This Could be the Healthiest Food You Eat

By David Blyweiss, M.D., Advanced Natural Wellness

It seems like every other week headlines tout some new superfood supposedly endowed with miraculous healing powers. Blueberries make you smarter; pomegranate protects against cancer; açai berries keep you young.

But there’s one food that really CAN make you healthier from your head to your toes—and it’s one as old as time. It also happens to be one of my favorites.

If you haven’t guessed, it’s the lowly apple. Packed with phytonutrients like quercetin, pectin, fiber and vitamin C, apples have always been linked to good health. In Norse mythology, apples were even said to keep people young forever. I won’t go that far, but here’s a brief rundown of why you should eat at least one apple every day:

Your Brain. Researchers from Cornell University found that the quercetin in apples protected brain neurons against the oxidative damage that contributes to Alzheimer’s and Parkinson’s.1

Your Heart. Trading in your morning OJ for a glass of apple juice may ward off atherosclerosis thanks to its ability to fight inflammation. Apples can also lower total cholesterol, fibrinogen and triglycerides while giving HDL (good) cholesterol a boost.2

Your Digestive Tract. Apples are a rich source of pectin, a type of fiber that increases the number of good gut bacteria. These beneficial bacteria not only help prevent the overgrowth of unhealthy bacteria, they also help the body absorb nutrients from food.

Your Muscles
. A natural compound found in the skin of apples called ursolic acid may help prevent muscle wasting that can result from aging and illness.

Your Immune System. Soluble fiber, like apple pectin, may reduce the inflammation associated with obesity-related diseases. It also strengthens your overall immunity.

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Your Risk of Metabolic Syndrome. Adults who eat apples, apple juice and apple sauce often have lower blood pressure and trimmer waistlines. That means a reduced risk of metabolic syndrome, a cluster of health problems related to diabetes and heart disease.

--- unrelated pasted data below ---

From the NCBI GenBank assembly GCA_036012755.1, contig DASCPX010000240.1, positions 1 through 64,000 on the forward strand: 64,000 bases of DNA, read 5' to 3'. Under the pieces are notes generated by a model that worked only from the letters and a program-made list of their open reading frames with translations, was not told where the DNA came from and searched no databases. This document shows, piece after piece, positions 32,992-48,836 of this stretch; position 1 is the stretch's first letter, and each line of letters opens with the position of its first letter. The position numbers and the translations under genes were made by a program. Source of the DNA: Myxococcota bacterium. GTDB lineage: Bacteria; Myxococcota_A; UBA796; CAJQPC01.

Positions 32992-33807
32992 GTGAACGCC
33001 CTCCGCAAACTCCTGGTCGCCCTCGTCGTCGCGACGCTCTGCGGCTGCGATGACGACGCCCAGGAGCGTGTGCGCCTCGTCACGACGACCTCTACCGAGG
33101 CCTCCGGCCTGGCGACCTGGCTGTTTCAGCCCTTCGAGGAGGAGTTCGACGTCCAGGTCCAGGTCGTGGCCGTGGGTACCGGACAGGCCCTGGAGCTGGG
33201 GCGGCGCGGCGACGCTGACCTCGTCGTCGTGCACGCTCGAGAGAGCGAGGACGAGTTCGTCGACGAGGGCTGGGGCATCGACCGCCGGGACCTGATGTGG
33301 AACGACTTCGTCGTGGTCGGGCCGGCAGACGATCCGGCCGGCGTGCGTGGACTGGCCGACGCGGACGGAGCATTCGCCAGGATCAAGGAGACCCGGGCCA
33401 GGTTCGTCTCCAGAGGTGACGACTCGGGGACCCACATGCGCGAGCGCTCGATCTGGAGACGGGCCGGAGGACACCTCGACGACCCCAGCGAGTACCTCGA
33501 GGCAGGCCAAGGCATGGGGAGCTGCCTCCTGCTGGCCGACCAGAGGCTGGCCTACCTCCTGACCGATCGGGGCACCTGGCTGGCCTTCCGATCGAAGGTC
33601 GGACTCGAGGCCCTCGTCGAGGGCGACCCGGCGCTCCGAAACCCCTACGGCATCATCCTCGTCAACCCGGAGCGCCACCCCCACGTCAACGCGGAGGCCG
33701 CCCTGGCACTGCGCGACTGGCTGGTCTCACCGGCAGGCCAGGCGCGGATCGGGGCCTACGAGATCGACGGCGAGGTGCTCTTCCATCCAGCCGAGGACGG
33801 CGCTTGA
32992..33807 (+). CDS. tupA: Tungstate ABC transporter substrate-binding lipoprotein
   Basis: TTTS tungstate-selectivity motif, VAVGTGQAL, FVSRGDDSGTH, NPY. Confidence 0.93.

Your Risk of Cancer. Apples are incredibly rich in antioxidants, especially quercetin, that can help prevent the onset of a variety of cancers, especially breast, prostate and colon cancer.3 In one study, the more apples per day a person ate, the less likely they were to develop colorectal cancer. The anti-cancer effect was seen even when someone had a low total consumption of fruits and vegetables but ate at least one apple a day.4 Plus, the pectin in apples binds toxins and moves them out of your body as waste.

Personally, I can’t think of a tastier way to get all of these health benefits. There are countless ways to enjoy apples. Add some chopped apples to your oatmeal at breakfast. Slather apple slices with some almond butter for a protein and fiber filled snack. Or treat yourself to a baked apple with cinnamon for dessert.

I love apples. And there are so many choices, from the “Albany Beauty” to the “Winesap” and the crunchy “Granny Smith.”

But the point is, eat them often. After all, when it comes to apples, their health benefits really don’t fall far from the tree. “An apple a day. . .” Better still, make that two.

References:

  1. Heo HJ. Apple Phenolics Protect in Vitro Oxidative Stress-induced Neuronal Cell Death. Journal of Food Science. 2004;69:S357-S360.
  2. Setorki M. Effects of apple juice on risk factors of lipid profile, inflammation and coagulation, endothelial markers and atherosclerotic lesions in high cholesterolemic rabbits. Lipids in Health Disease. 2009;8:39.
  3. Reagan-Shaw S. Antiproliferative effects of apple peel extract against cancer cells. Nutrition and Cancer. 2010;62:517-524.
  4. Jedrychowski W. Case-control study on beneficial effect of regular consumption of apples on colorectal cancer risk in a population with relatively low intake of fruits and vegetables. European Journal of Cancer Prevention. 2010; 19:42-47.

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